Review: Loadout

Loadout 2This review was also published on The Latest.

Loadout‘s goofy style and clever gameplay make it damn good fun, but its relatively light selection of content makes me question its longevity.

 It’s a free-to-play, multiplayer, third-person shooter, with the central gimmick being its highly customisable guns. Instead of having pre-set classes or weapons, Loadout invites you to define exactly how you want to play, by letting you build your own guns from a dizzying array of different components. The variety is impressive, with games often featuring electric shotguns, incendiary laser beams, x-ray sniper rifles, six-barreled homing rocket launchers, and all manner of other bizarre machines of death. It’s a fun system that creates an agreeable sort of chaos in each match, but at times it is hard to shake the feeling that you’re probably best off just with a standard assault rifle, as you are in every other shooter under the sun.

The crazed weapon variety fits nicely into the game’s overall tone. It’s got a great, over-the-top sense of humour, and a bright, cartoony art style, with fluid, expressive animations. It all clicks together to give the game a really light, silly atmosphere, even as you’re charging across the battlefield to blow each other to bits. Those of a sensitive disposition, however, may find that it pushes the boundaries a little too much – though rendered in a light-hearted way, there’s plenty of gore and gross-out moments that won’t be to everyone’s tastes.

Loadout 3The gameplay won’t be a revelation for anyone, but across its selection of modes there are enough clever twists on standard formulas to make things feel fresh. Particularly fun is the Annihilation Mode, which mashes-up Capture The Flag and King Of The Hill with some light additions from the explosively popular MOBA genre (to which League of Legends and Dota 2 belong). Controls are a pleasure – shooting is tight and responsive, and the characters have a bouncy feel that allows you to athletically clamber up and down the highly vertical level terrain.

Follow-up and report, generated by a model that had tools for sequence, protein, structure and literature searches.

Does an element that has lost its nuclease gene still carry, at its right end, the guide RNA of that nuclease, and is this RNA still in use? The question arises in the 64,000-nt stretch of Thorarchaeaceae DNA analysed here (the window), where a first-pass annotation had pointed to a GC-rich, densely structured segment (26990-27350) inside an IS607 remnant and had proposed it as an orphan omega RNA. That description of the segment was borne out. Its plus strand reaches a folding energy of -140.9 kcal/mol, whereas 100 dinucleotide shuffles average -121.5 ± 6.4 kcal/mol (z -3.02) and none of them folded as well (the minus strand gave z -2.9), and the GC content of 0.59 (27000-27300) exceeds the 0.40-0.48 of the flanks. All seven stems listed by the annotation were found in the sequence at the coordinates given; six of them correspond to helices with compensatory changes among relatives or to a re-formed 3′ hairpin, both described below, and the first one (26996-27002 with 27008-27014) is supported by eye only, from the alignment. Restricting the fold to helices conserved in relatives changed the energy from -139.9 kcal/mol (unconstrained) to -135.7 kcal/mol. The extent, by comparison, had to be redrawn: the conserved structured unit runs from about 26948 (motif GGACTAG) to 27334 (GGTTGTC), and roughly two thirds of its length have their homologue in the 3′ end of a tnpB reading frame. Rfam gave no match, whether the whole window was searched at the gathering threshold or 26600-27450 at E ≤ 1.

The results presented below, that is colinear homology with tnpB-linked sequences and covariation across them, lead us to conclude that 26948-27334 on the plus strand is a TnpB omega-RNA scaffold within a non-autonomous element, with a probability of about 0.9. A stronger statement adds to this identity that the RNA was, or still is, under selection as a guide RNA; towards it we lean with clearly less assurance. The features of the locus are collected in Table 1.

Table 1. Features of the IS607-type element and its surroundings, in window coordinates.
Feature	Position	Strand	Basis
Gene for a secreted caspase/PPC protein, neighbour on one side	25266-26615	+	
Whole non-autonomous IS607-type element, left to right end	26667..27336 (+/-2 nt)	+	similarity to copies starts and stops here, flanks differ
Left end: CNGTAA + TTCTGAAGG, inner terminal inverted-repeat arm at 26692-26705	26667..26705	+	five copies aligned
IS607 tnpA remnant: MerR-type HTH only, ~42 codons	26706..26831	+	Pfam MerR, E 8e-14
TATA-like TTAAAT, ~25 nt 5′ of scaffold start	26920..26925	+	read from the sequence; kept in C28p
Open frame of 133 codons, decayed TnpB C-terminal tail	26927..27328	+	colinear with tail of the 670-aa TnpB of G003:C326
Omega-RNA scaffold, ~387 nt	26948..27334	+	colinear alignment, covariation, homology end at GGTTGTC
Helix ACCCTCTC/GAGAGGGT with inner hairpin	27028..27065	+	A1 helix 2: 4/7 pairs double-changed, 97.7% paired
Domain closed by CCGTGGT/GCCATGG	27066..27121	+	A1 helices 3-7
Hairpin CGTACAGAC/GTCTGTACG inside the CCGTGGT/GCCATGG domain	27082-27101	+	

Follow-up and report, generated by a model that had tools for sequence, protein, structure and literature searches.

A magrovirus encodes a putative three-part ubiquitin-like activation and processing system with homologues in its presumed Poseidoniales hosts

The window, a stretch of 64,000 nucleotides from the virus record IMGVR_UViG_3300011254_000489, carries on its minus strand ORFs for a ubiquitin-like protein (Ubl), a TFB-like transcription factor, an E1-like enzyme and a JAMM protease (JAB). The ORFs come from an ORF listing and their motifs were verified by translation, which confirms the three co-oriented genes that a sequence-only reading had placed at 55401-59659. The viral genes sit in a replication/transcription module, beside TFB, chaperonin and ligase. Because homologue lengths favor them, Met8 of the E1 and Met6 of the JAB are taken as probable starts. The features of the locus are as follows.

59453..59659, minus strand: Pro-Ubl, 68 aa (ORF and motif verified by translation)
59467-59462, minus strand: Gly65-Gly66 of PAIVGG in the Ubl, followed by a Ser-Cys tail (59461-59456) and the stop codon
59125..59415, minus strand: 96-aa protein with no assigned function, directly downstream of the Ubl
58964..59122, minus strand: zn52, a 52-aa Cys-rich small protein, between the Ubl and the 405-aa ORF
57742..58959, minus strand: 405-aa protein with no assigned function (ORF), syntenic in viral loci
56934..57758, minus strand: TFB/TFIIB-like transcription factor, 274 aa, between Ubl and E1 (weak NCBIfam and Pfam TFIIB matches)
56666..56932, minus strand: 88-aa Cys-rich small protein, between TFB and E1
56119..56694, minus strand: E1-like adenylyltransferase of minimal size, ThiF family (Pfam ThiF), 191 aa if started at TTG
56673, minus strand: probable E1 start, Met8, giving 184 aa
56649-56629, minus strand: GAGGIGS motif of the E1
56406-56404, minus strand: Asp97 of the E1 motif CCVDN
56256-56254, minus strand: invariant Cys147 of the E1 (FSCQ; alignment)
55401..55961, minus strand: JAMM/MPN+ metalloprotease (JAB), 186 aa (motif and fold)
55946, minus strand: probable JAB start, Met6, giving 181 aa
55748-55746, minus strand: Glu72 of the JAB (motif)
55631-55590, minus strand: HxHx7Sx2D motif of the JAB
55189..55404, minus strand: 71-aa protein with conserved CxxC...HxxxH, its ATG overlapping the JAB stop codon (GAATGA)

Agreeably, Loadout’s free-to-play business model feels totally uncynical. Real money can only be spent on cosmetic items, loadout slots, and other things that don’t directly impact the game experience, preventing it from becoming ‘pay-to-win’. The only unfortunate consequence is that hats, costumes and the like being restricted to microtransactions exclusively leads to the majority of the playerbase simply using the relatively bland default appearance. The resulting sameyness among characters runs counter to the otherwise exuberant art style.

Loadout’s biggest problem is that it doesn’t quite have enough maps and modes to sustain interest. Multiplayer games need serious variety and depth to have a real lifespan, and I worry that Loadout too quickly becomes repetitive. While it lasts, however, it’s uncomplicated fun with a zero cost of entry.


Loadout is available now on Steam for Windows PC. It’s free-to-play, with microtransactions.

Loadout 1

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Posted in Published Work, Reviews, Video Games

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